Their meeting was held "in a cordial atmosphere," the official Korean Central
News Agency reported, without specifying what was discussed or the content of
North Korea's top leader rarely meets foreign guests, and when he does, it
sometimes leads to the announcement of an important decision.
Chinese State Councilor Tang Jiaxuan visited Pyongyang last October after
North Korea's first-ever nuclear test explosion. North Korea announced later
that month it would end its boycott of six-nation talks on its nuclear program.
According to the report made available to the AP in Vienna, North Korea has
agreed to the following steps to help the IAEA shutter its facilities:
1. Give agency experts a list of nuclear facilities that are shut down and
sealed and updating the list as needed.
2. Provide agency personnel "access to all facilities that have been shut
down and/or sealed."
3. Allow the installation of "appropriate containment and surveillance ...
and other devices" and other verification methods.
4. Allow agency experts to "apply safeguards" to make sure that they have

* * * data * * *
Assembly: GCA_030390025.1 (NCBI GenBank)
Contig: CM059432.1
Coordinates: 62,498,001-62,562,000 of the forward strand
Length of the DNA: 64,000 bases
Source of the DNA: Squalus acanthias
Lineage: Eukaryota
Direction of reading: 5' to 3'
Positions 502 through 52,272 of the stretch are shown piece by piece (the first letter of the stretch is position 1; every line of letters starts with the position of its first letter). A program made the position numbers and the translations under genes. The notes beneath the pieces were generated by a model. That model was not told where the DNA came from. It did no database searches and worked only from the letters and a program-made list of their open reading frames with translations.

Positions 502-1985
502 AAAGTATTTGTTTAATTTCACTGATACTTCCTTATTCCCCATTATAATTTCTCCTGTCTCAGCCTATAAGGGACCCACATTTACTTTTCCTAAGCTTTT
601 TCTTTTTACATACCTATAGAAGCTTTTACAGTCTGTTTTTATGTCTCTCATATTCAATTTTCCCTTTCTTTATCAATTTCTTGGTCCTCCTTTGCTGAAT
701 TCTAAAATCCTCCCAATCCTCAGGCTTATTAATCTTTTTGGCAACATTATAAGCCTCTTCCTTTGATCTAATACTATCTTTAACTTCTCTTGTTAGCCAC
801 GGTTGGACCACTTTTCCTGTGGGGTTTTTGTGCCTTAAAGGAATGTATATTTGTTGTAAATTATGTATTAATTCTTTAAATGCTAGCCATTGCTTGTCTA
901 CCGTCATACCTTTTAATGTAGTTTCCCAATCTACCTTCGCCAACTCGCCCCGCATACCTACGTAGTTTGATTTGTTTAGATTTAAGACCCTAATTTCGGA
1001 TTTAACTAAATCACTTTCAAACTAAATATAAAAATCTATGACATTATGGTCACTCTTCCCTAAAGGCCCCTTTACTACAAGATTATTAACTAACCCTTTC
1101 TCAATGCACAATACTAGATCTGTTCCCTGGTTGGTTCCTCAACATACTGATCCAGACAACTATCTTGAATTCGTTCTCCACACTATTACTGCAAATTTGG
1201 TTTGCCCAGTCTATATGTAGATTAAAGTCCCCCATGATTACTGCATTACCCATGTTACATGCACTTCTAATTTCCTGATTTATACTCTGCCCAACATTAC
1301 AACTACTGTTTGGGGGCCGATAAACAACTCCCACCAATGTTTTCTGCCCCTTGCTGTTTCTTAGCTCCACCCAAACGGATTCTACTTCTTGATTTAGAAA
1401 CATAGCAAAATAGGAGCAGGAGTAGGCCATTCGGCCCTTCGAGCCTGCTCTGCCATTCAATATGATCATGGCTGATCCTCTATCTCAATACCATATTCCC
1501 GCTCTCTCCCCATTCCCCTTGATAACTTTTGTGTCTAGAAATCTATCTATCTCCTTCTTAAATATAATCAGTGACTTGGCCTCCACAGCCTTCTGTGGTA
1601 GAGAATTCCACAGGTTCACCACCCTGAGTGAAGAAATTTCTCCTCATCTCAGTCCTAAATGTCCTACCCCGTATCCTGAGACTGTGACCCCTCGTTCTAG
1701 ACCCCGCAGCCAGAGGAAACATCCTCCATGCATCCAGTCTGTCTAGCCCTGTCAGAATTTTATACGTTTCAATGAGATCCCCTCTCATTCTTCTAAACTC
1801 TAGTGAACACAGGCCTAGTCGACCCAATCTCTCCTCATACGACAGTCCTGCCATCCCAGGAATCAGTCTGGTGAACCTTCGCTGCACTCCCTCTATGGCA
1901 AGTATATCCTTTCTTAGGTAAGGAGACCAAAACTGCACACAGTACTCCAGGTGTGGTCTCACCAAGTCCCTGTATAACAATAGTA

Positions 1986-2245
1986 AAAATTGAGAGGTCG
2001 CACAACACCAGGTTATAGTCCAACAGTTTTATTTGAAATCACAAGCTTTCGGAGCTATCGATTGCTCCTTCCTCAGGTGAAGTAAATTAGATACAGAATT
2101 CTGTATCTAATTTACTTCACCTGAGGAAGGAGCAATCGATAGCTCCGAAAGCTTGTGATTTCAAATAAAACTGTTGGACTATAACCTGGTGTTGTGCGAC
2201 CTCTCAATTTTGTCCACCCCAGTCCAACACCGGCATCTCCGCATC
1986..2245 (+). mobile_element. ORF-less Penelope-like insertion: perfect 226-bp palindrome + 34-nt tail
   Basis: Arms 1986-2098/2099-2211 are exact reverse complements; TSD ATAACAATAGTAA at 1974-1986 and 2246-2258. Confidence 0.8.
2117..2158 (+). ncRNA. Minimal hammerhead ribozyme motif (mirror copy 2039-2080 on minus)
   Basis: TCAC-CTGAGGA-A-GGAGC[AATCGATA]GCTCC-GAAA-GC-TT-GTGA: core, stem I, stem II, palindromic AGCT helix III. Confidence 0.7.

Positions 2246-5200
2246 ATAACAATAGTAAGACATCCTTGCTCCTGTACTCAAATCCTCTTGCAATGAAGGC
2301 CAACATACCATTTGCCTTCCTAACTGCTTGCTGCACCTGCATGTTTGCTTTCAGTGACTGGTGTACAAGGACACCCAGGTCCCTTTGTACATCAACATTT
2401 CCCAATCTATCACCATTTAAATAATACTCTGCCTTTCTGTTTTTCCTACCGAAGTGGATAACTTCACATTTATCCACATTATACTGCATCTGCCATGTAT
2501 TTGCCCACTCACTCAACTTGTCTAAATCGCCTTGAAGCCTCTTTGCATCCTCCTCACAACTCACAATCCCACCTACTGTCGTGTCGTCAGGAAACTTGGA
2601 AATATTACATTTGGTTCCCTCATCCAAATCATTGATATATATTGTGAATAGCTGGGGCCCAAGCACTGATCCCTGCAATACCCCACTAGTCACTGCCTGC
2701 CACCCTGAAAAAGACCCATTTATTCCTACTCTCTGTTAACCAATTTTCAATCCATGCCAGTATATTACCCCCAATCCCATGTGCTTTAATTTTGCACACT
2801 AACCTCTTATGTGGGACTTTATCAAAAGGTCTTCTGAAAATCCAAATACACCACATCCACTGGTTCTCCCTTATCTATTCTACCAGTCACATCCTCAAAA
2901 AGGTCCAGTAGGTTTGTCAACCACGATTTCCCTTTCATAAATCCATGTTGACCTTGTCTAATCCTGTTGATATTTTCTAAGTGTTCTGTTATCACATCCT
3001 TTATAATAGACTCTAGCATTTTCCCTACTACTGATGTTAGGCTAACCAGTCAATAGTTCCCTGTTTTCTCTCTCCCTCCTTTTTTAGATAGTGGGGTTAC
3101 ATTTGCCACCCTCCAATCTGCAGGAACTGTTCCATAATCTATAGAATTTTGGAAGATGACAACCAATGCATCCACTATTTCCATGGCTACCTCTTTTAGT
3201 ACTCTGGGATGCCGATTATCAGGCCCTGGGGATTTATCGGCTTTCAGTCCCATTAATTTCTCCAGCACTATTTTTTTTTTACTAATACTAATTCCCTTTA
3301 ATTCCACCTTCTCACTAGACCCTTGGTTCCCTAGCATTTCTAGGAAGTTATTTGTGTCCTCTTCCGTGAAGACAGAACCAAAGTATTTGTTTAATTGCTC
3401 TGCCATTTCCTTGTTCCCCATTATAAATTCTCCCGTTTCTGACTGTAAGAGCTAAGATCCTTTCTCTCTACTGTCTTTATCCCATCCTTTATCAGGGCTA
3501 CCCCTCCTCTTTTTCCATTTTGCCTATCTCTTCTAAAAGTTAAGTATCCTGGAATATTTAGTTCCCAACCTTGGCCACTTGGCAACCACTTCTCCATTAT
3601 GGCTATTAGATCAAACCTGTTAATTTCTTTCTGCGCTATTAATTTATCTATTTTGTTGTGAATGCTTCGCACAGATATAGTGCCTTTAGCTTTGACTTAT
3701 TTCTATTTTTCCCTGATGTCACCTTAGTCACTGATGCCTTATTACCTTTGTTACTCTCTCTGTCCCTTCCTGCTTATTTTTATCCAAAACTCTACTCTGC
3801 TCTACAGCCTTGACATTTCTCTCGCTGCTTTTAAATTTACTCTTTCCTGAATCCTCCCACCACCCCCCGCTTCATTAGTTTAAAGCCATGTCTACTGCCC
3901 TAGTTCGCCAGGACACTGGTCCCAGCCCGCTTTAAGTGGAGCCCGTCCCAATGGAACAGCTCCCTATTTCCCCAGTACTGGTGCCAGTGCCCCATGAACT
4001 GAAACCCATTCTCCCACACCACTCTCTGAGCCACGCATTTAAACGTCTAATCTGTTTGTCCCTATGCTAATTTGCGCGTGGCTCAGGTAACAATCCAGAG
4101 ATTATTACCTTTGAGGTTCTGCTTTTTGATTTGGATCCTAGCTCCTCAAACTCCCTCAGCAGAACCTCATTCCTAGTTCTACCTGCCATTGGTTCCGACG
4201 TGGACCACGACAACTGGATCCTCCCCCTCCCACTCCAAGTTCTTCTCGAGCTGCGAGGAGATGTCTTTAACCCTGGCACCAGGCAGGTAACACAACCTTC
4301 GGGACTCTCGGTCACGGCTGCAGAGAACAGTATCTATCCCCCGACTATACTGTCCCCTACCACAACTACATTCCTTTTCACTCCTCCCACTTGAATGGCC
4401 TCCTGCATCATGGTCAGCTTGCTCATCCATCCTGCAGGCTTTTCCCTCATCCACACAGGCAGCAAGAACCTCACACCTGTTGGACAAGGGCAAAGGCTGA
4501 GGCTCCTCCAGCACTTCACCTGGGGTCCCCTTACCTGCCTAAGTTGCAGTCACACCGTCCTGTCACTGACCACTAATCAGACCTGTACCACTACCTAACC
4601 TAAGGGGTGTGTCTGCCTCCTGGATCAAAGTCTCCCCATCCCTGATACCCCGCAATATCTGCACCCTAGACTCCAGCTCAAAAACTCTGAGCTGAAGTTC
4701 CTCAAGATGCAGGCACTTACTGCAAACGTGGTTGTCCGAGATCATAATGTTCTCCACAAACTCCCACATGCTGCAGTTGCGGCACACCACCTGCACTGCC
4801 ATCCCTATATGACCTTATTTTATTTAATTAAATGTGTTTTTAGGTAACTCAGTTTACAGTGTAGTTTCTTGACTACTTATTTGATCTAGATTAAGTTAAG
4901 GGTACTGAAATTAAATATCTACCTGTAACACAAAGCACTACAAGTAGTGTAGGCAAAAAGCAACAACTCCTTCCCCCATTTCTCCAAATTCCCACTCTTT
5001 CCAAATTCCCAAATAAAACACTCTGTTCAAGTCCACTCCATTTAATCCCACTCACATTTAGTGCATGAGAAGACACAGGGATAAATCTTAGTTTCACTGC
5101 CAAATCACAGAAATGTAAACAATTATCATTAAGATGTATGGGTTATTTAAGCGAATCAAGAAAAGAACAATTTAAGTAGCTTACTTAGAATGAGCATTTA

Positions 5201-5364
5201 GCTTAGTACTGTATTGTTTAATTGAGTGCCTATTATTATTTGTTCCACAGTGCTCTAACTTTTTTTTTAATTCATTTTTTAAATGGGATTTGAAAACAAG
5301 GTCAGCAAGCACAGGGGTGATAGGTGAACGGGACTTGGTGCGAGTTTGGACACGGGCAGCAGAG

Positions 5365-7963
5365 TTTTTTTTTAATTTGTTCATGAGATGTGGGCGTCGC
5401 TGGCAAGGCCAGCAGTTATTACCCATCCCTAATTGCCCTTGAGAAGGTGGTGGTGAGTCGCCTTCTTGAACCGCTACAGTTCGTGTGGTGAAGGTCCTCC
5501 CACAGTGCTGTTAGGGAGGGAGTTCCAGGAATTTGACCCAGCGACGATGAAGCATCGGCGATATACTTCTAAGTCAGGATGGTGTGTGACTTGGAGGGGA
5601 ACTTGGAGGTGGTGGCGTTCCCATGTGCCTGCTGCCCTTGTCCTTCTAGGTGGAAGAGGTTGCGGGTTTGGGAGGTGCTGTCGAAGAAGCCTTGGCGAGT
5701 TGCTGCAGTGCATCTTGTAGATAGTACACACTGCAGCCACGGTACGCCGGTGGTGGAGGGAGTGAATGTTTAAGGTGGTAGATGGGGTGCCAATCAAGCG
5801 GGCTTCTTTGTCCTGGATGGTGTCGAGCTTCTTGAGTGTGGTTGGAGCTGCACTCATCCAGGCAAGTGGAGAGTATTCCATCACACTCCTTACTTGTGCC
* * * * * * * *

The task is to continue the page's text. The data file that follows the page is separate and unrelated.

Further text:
full access to North Korea's nuclear program, despite the fact the country
insists it is no longer bound by the Nuclear Nonproliferation Treaty.
These and other points listed in the report "reflect wide-ranging
willingness" by North Korea to fulfill its commitments made in February to shut
down the Yongbyon facility, said a diplomat accredited to the IAEA and familiar
with its involvement in the North Korean nuclear file.
The report was the work of IAEA deputy director general Olli Heinonen. It was
based on his tour last week of the Yongbyon facility.
North Korea had pledged in February to shut down and disable the 5-megawatt
reactor, capable of producing enough plutonium to produce one nuclear bomb a
year, in exchange for economic aid and political concessions. That landmark
agreement was the result of talks between North Korea and the United States,
Russia, China, South Korea and Japan.
But the country refused for months to act on the promise until it received
about $25 million in funds that were frozen in a Macao bank amid a dispute with
the US over alleged money-laundering.
The U.N. visit was the nuclear watchdog's first trip to the Yongbyon reactor
since inspectors were expelled from the country in late 2002. IAEA Chief Mohamed
ElBaradei had traveled to North Korea in March but had not visited the